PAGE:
Bagan is the ultimate place to explore ancient temples. The archaeological zone is a great place to watch sunset or sunrise, barefoot, in pure serenity. There’s nothing quite like it.
In Bagan, one of the most famed temples (that didn’t collapse in the 2016 earthquake, but is being restored) is Dhammayangyi, pictured here. The arches are perfect for framing photos like this one, but this temple has nooks and crannies to get lost in.
Yangon’s apartments are so colorful that when placed next to each other, are quite a sight to behold. There are balconies with ladies hanging up laundry to dry, you can peek into kitchens and see people cooking, there are old men sitting on stools chewing betelnut. Romantic, dirty, historical … everything you’d imagine Yangon to be.
One of the most poetic sights in Myanmar is observing maroon-robed monks walking barefoot through a monastery or pagoda. Here is a snapshot of Atumashi Monastery in Mandalay. In both Mandalay and Yangon, you can find meditation retreats.
A little peek of a pagoda from behind flowers. Perspective is important. You might see many pagodas in Myanmar, but each one has a story and a reason for its importance to a particular city or state.
If you dare, try some street food. Here is a snap of a mother and her child in Bagan selling various types of meat on sticks and some rice-based desserts. They’ll greet visitors with their thanaka-covered faces and big smiles.
This temple in Mingun is painted white and is an impressive site. Located near Sagaing, it is a popular destination because it is near the largest unfinished pagoda called Mingun Pahtodawgyi.
Architecture in Myanmar is rather impressive. Whether it’s a giant Buddha image or a reclining Buddha, each is seemingly larger than the next.
This water buffalo sighting is quite common in Inle Lake, but it’s always shocking to see this large animal poke its head out of the water. You’ll enjoy taking boat tours for the opportunity to see this.
Inle Lake is known for its leg-rowing fishermen. These men use fishing nets and row with their leg strength to propel the boat.
If you’re lucky (or unlucky, depending how you look at it) enough to come to Myanmar during April’s Thingyan holiday, you’ll witness people all over the country throwing water on each other to wash away the previous year’s sins.
Myeik: the land of crystal clear waters and undiscovered beaches. An entire archipelago to explore to your heart’s content. You’ll find fresh seafood, amazing diving, and possibly, sea monsters.
Motorbiking in Kalaw: thrilling, euphoric, post-sunset rides. There’s nothing quite like riding on the back of a motorbike with the wind in your hair, watching the lush green scenery pass by. This is a southeast Asia must-do and in Kalaw the weather is always cool and fresh.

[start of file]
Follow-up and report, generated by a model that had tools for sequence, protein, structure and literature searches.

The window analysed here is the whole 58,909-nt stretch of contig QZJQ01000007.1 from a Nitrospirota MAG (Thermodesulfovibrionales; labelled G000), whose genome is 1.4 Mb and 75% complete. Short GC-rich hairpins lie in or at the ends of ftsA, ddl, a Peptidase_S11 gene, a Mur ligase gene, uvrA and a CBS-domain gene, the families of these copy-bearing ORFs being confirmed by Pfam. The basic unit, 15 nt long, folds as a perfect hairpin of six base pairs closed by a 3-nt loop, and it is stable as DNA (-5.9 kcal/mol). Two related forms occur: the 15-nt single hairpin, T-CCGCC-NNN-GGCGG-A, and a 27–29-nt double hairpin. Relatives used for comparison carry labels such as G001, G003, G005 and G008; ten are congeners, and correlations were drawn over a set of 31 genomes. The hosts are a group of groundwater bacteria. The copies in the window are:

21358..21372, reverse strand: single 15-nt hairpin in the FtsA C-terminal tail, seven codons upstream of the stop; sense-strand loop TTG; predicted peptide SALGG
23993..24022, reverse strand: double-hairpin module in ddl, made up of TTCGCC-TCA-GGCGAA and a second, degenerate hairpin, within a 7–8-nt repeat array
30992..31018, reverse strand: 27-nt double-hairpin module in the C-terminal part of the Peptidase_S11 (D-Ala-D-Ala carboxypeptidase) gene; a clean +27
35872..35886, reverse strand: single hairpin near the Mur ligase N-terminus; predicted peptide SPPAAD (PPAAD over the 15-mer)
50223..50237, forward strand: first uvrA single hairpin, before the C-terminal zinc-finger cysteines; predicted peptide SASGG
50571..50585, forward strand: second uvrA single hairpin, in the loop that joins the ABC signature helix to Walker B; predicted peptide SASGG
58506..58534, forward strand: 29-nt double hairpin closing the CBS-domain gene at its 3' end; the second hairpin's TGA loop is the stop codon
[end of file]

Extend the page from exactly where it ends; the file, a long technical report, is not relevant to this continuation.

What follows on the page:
Boating on the Irrawaddy is an inexpensive sunset treat for when visiting Bagan. A few dollars will take tourists on a traditional-style boat with tea, coffee, tea leaf salad, and a fun ride of the most famous and important river in Myanmar.
Saddam Cave in Hpa-An is located in Kayin State. This giant cave is breathtaking. With dozens of buddha statues adorning the entrance, a couple of pagodas inside and many stalactites, the cave leads to a lake and a gorgeous view of a mountain. To get back to the entrance, either take a boat around through the cave, or wander back through the muddy, treacherous cave.
The Gokteik Viaduct is one of Myanmar’s historical bridges. It is a spectacular railway bridge that is nearly 700 meters long, the longest in the country. The views from this unique bridge will make all your Instagram followers drool with envy.
If you thought Myanmar was all pagodas, temples and shrines, you thought wrong. Today, Yangon has rapidly grown to accommodate a thriving nightlife scene. Here is one example, a lounge called Penthouse that regularly spins deep house and hosts Sunday boozy brunches. Sip that gin and tonic and be merry.
Chin State in northwest Myanmar is full of natural beauty. Very little tourists make it all the way over here, so it has retained lush forest-topped mountains and getting around is a bit of a challenge. However, if you can make it there, these women with tattooed faces are quite a sight. Since their daughters are aware of the health risks associated with tattooing their faces, this is a tradition that will soon die out.
Where else in the world can you see thousands of stars in an unpolluted sky? In Chin State, there is very little air pollution and the stars are visible. Those who are lucky enough to make the trek to Mindat or Hnahthial can find star-studded sights like this one.
Dark Horse Falls in Shan State, near the city of Lashio. Who knew Myanmar also had such fun outdoor adventures? Visitors are able to cliff jump into the cool, refreshing waters of this hidden waterfall. Not many know about this place, so check it out soon!